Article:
The 2017 CRM Service Rising Stars: Freshdesk Puts a Fresh Spin on Collaboration
In just a year since grabbing attention on CRM’s Rising Star list for the first time, Freshdesk has bolstered its presence in the customer service space and made moves to foster productivity and cooperation among agents.
Mitch Kramer, senior vice president and analyst at the Patricia Seybold Group, calls it “a young but rapidly growing company.” Less than a decade old, the outfit has more than doubled its customer base in the past year, from 50,000 to more than 100,000. Likewise, its employee count nearly doubled, from 570 to 912. And, Kramer adds, “the firm has broadened and deepened its customer service offering through several acquisitions.”
That is an understatement. In the past year and a half, the company bought seven independent start-ups, all of them with expertise in niche areas. Dilawar Syed, president of Freshdesk, says that “the biggest benefit has been getting these amazing founders and strong product leaders to come into our companies and lead efforts. For a young company, especially, feeding off that talent is crucial.”
Last February, Freshdesk acquired file collaboration platform maker Framebench. The technology allows service agents to team up internally to interact with customers and share screenshots, images, videos, presentations, or other documents with other members of the organization, without having to create and manage a trouble ticket.
Just a few months later, in April, it picked up Airwoot, a start-up that leverages machine learning technologies to boost customer support interactions on social media platforms. “Airwoot’s AI technology provides us a powerful platform to power the social engagement centers of the future,” Girish Mathrubootham, founder and CEO of Freshdesk, said in a statement at the time of the announcement.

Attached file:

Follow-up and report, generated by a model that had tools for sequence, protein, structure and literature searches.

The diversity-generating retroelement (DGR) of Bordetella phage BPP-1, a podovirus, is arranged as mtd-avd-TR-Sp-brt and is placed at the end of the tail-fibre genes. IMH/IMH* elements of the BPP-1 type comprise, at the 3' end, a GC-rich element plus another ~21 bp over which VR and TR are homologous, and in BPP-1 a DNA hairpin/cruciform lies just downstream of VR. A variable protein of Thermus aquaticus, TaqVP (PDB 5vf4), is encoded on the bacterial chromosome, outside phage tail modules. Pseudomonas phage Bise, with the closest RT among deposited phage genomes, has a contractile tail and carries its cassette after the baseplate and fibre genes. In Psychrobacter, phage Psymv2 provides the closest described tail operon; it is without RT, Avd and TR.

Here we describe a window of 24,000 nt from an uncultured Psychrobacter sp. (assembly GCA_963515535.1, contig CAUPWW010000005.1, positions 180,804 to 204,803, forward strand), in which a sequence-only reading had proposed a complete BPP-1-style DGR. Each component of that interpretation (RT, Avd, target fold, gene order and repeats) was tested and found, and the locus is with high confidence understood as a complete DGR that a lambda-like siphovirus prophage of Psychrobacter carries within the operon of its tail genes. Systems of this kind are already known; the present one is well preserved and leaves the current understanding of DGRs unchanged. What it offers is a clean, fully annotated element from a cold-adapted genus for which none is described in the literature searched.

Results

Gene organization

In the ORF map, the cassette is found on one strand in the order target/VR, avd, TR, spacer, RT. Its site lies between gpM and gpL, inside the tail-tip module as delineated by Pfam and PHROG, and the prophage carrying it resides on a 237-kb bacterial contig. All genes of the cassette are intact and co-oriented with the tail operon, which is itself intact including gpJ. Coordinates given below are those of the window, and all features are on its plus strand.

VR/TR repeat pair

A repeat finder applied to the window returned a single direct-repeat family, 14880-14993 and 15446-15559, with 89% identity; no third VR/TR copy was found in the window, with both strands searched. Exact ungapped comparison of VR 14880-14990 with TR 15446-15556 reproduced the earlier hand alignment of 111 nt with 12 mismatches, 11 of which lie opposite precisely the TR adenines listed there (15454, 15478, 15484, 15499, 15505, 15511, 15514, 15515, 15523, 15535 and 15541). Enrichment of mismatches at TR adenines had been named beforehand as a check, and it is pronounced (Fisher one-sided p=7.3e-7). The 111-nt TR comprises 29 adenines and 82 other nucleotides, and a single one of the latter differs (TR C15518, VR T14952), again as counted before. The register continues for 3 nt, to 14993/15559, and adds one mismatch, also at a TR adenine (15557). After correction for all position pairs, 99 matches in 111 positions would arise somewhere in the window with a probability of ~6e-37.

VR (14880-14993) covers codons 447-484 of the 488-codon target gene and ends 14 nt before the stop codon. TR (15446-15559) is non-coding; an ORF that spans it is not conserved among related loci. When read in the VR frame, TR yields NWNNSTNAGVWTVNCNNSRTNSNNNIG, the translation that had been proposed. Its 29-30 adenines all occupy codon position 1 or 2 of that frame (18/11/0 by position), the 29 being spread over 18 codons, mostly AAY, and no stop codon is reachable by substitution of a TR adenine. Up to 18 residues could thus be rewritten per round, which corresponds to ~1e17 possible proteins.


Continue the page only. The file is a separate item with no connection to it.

Next came Chatimity, whose name points to its focus and strengths in the social chat space. The company’s technology uses artificial intelligence (AI) and chatbots to accelerate response times and personalize content in a way that is scalable. Its bot, dubbed MITI, uses AI Markup Language to hold conversations with thousands of users in real time.
“Our team was able to get a glimpse of what Freshdesk was already working on, and we immediately knew that our team and technology would complement and accelerate product development at Freshdesk with a strong focus on AI and chat tech,” said Tarkeshwar Thakur, cofounder and CEO of Chatimity, in a statement at the time of the acquisition. “Delivering a top-notch customer experience over chat continues to be a challenge for many companies, a problem we intend to solve with some of the next-gen chat products we are building at Freshdesk.”
Most recently, Freshdesk added to its roster Pipemonk, whose technologies aim to simplify the act of integrating disparate business applications while accelerating the flow of information and data necessary to serve customers.
In November, Freshdesk grabbed the attention of Sequoia Capital India, which supplied it with $55 million in funding to support its expansion beyond the bounds of customer service. Freshdesk had already put its money where its mouth was earlier in the year with the release of Freshsales, which helps salespeople keep track of prospect contacts, and Hotline, an in-app customer chat platform.
As Freshdesk has grown—both organically and through acquisitions—it has also continued a steady climb upmarket, catering to organizations with larger numbers. In the coming year, Freshdesk plans to update its user interface by bringing in more proactive intelligence elements, improving collaboration across departments, and fostering engagement, according to Syed.
CEO: Girish Mathrubootham
Headquarters: San Bruno, Calif.
Customer Count: 100,000
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